MANILA, Philippines – (UPDATE) The Catholic Bishops Conference of the Philippines (CBCP) gave its full support to the “Protection of the Unborn Child” bill being pushed in the Senate Monday, saying it was the “much anticipated and much welcomed fruition of the promise and mandate” of the Constitution.
At a joint hearing of the Senate committees on youth, women and family relations, and constitutional amendments, Atty. Jo Aurea Imbong, executive secretary of the CBCP’s legal office, said the CBCP favored the passage of the proposed measure contained in Senate Bills 2407, 2584 and 2635 because it acknowledged and asserted the fundamental and inalienable right to life.
The bills prohibit the use of “abortifacients, abortive acts and practices that induce abortion.”
“The unborn offspring of conception is human life –whether wanted o unwanted, unplanned or mistimed. Senate Bills 2497, 2584 and 2635 acknowledge and assert this fundamental and alienable right to life. The Catholic Bishops’ Conference favors their passage into law,” Imbong told the committees.
“The measures are the much anticipated and much welcomed fruition of the promise and mandate in Article II, Section 12 of the Constitution,” she added.
Imbong lamented that at present, the “inalienable right” to life of the early human being was “endangered,” pointing out the intensified campaign by RH and women’s rights advocates for the passage of a law, allowing “safe and legal abortion.”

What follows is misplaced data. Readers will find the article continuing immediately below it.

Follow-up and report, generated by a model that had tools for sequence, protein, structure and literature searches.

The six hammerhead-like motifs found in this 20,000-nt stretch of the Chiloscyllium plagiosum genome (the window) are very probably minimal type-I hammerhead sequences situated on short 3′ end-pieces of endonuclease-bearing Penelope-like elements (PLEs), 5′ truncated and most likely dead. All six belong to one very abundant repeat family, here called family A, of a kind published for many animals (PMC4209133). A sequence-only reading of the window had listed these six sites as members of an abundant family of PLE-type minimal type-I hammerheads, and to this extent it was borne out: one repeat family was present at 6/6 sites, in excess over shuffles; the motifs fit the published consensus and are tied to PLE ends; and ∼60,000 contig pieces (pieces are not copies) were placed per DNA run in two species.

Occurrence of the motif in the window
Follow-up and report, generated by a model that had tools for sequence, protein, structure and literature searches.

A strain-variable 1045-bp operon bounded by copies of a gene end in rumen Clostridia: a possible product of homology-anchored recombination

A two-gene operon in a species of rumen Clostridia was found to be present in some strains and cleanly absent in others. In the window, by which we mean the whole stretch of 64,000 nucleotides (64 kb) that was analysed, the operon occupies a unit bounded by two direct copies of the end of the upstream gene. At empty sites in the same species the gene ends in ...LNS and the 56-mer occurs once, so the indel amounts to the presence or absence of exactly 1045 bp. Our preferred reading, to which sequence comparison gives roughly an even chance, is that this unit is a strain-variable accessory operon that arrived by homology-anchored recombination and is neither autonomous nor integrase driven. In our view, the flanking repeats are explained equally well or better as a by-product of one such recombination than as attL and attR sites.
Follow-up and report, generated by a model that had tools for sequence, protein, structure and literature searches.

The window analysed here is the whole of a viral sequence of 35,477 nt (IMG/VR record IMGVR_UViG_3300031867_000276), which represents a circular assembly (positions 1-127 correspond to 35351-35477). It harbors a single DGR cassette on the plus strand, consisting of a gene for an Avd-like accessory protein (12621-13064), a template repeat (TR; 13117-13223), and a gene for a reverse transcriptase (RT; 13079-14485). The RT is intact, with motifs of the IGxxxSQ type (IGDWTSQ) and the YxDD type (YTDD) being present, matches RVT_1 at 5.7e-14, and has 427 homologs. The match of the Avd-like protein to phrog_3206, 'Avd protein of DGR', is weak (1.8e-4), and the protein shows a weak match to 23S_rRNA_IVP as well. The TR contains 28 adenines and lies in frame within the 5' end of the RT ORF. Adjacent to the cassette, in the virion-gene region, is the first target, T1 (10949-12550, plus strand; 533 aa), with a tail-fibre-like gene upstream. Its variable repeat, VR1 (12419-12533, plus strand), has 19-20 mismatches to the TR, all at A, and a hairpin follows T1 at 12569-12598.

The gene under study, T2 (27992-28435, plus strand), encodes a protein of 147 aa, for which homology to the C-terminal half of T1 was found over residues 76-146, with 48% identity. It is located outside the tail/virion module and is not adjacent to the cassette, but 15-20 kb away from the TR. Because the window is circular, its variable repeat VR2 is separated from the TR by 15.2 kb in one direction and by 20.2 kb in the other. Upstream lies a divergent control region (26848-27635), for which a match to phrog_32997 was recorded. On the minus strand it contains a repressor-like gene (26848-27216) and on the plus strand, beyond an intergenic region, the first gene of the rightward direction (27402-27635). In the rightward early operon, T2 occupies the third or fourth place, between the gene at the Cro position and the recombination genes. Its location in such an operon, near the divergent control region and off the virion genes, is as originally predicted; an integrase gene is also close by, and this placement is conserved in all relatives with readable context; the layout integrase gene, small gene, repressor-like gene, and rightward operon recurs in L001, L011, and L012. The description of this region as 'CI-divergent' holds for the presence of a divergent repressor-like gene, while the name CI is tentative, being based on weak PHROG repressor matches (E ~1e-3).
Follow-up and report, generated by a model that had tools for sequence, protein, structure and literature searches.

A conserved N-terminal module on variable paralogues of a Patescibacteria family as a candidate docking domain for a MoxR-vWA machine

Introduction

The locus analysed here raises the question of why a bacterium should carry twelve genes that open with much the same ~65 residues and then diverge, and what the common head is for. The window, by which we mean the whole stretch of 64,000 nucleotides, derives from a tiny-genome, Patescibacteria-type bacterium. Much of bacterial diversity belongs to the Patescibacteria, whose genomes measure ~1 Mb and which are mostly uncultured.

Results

“The argument is heard that the unborn human is not a person, hence may not be the holder or subject of rights. How did this idea come about?” she asked.
The CBCP has strongly opposed the controversial Reproductive Health bill now being debated in the House of Representatives.
The “Protection of the Unborn Child” bill is seen to counter the RH bill by prohibiting the use “abortifacients, abortive acts and practices that induce abortion.”
During the hearing, Senator Ralph Recto, author of Senate Bill 2584, pushed for the inclusion of a provision that would require parental consent to teenagers who would like to have access to contraceptives.
Recto noted that it seemed that teenagers would have access to contraceptives in the RH bill.
“Will there be any problem if we out that in the bill or in the law later on that there must be parental consent na hindi naman pupwedeng pumunta halimbawa sa health center at kukuha ng contraceptives. Parang hindi naman tama yun (It’s not right that teenagers can just visit a health center and get hold of contraceptives),” he said.
At one point in the hearing, Senate President Juan Ponce-Enrile and Senate Majority Leader Vicente “Tito “ Sotto III, authors of Senate Bill 2497, lost their cool when the president of the Integrated Midwives Association of the Philipines, Dr. Patricia Minez Gomez, cited a study supposedly showing of the increasing number of maternal deaths in the country.
“Pinanganak ako ng wala pang mga doctor, wala pang mga midwife…kaya huwag mo kaming leleksyunan dito. Marami kaming karansanan (Do not lecture us, we are knowledgeable on the issue. I was born in a time when there were no doctors, not even midwives),” an irked Enrile told Gomez.
A total of 33 resource persons were invited to speak on the proposed measure.
Among those invited were Health Secretary Enrique Ona, Social Secretary Corazon “Dinky” Soliman, Commission on Human Rights chairperson Loretta Ann Rosales, representatives from non-government organizations, academe, private sector and health care providers.
Originally posted at 10:58 am | Monday, May 30, 2011